To a certain extent, the occurrence of these conversion controversies is new. It is likely, however, that more cases will emerge in the future. There are two related reasons for this. First, there has been an expansion of the Islamic legal system and the related Islamic bureaucracy under the auspices of Pusat Islam in the federal government since the 1980s. This followed the launch of
To a certain extent, these are the people who are involved in the expansion and consolidation of the Islamic legal system and the related Islamic bureaucracy. It is only with an understanding of the growth and consolidation of this parallel legal and administrative system, and its fusion with the civil one in strategic areas, that we begin to appreciate why these controversies have occurred and why it is likely that they will occur more frequently in future. In essence, the laws of one religion, namely Islam, have increasingly assumed the authority of the civil state's laws. From this point of view, Dr Mahathir's proclamation of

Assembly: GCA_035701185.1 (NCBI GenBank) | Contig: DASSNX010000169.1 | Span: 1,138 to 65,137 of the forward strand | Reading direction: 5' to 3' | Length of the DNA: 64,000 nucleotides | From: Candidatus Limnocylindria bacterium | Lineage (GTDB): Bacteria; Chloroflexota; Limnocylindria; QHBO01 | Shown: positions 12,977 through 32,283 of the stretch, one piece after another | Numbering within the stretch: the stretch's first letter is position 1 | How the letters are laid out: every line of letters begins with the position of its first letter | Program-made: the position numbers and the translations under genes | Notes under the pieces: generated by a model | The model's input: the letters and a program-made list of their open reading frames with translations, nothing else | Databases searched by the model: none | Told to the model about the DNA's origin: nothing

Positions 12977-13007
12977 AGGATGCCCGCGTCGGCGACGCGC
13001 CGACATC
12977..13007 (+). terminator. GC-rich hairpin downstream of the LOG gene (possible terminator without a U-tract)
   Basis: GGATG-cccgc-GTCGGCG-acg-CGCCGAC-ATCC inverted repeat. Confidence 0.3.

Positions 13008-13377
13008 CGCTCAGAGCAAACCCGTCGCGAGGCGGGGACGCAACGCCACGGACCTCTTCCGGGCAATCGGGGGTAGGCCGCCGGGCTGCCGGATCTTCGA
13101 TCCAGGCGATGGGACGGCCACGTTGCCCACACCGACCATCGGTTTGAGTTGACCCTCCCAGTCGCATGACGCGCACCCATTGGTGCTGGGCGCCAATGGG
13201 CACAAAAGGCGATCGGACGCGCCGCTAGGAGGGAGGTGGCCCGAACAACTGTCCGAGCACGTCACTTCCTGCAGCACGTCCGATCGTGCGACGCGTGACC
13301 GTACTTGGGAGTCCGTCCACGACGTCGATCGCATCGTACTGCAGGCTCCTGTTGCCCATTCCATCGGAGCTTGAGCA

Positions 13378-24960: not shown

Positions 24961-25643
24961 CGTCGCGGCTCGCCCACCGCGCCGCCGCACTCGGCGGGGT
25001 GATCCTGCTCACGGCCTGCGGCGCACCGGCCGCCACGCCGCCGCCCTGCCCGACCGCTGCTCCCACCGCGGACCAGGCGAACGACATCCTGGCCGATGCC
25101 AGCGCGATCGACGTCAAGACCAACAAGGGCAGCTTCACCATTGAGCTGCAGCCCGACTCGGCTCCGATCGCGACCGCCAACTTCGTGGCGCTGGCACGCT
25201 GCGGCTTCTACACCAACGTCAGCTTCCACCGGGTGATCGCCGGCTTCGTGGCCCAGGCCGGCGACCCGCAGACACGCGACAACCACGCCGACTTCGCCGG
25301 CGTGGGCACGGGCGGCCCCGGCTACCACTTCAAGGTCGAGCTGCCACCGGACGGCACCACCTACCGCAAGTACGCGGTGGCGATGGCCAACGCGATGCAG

Time to act
In spite of all the above, it is our belief that the tensions between Muslims and non-Muslims can also be fixed, just as the environmental, maintenance and administrative problems mentioned earlier may be remedied. Recognising the existence of this problem - rather than declaring it 'sensitive' and sweeping it under the carpet - is the first critical step. The Prime Minister should convene a meeting of legal experts, Muslims and non-Muslims, from a broad spectrum who can empathise with these kinds of dilemmas.
A way forward might be the setting-up of a